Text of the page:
Editor's Choice March

Submitted by editor on 4 March 2016.

Chris Lortie and I explain in an editorial how important and non-trivial synthesis is to advance the field of ecology. At Oikos, we see meta-analyse as important avenue  to promote synthesis, together with novel, and often multidisciplinary approaches that integrate data and theory. Editor’s choice of this March issue are –logically- two meta-analysis papers.

Scaling research has experienced a remarkable progress in the past several decades. Many scaling relationships were discovered within and across individual and population levels, such as species–abundance relationship, Taylor's law, and density mass allometry. Xu extends and integrates the latter two and derives a new variance allometry between individual body mass and population abundance. The research was based on data from 57  Long-Term Ecological Research data sets. The derived scaling relationships suggest new ways to study the underlying mechanisms of Taylor's law and have profound implications for fisheries and other applied sciences.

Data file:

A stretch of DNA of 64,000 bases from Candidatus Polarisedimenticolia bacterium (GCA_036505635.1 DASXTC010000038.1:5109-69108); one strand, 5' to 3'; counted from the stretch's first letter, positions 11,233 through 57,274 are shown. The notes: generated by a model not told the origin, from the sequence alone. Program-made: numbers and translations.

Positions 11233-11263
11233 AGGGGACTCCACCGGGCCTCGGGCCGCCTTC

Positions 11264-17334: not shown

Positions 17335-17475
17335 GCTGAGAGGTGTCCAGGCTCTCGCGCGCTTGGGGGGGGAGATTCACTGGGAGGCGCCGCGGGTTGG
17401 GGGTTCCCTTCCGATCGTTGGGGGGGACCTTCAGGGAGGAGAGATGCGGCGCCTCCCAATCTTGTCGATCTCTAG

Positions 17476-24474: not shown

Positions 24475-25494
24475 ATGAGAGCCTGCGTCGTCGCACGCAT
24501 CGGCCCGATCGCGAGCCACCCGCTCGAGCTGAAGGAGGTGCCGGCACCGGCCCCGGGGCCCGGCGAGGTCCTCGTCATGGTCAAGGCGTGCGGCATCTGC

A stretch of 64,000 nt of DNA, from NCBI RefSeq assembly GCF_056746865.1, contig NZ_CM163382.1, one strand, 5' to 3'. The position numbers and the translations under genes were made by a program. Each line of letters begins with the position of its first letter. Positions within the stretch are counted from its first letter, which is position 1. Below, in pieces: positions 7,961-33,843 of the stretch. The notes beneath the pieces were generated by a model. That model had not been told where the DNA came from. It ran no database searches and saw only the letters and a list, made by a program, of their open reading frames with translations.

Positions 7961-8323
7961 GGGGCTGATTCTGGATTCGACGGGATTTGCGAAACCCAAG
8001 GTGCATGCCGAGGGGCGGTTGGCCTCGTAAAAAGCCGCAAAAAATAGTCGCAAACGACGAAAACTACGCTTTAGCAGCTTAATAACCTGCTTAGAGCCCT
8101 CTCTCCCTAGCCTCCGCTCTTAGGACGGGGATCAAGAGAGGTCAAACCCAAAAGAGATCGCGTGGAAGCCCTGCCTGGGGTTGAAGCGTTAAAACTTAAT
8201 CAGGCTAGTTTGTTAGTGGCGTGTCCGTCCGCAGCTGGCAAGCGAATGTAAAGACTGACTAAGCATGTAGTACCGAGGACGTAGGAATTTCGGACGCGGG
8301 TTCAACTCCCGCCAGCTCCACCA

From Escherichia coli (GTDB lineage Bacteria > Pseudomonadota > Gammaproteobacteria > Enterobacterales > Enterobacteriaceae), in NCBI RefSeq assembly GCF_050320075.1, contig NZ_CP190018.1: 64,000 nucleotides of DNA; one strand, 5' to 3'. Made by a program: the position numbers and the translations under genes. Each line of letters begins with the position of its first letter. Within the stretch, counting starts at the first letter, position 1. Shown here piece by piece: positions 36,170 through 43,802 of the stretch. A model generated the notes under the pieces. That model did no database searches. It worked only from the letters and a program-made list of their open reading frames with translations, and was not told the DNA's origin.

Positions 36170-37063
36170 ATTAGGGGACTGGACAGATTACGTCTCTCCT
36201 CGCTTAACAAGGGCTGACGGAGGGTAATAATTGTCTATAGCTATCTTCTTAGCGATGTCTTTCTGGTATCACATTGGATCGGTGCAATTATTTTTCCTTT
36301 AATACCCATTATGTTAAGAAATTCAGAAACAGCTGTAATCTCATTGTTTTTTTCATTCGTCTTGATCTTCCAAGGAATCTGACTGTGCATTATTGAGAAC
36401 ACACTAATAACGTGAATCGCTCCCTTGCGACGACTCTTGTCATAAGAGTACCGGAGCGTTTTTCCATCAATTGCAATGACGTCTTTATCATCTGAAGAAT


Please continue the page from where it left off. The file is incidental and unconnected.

The second EC highlights the impact of mast-seeding on vertebrate demography and population dynamics. Bogdziewicz and colleagues synthesised responses of 122 species of vertebrates based on nearly 200 articles. The overall aim was to gain more systematic insights on the impact of masting on vertebrate responses than the typically studied cascading effects on generalist rodents. Besides documenting the diversity of species impacted by masting, they are able to generalize predictions that low-fecund species are more likely to show aggregative spatial responses to mast-seeding than species with a high reproductive effort. Demographic responses through changes in fecundity are more typical for small than larger mammals. None of these relationships were found in birds. The impact of masting on higher trophic consumers appeared much more dependent on the type of resource pulse than those of direct consumers. This meta-analysis highlights  consequently that responses to mast-seeding are much more taxonomically and ecologically diverse than past reviews have recognized so far.

Dries Bonte, EiC, Oikos

Editor's ChoiceInsights into Oikos papers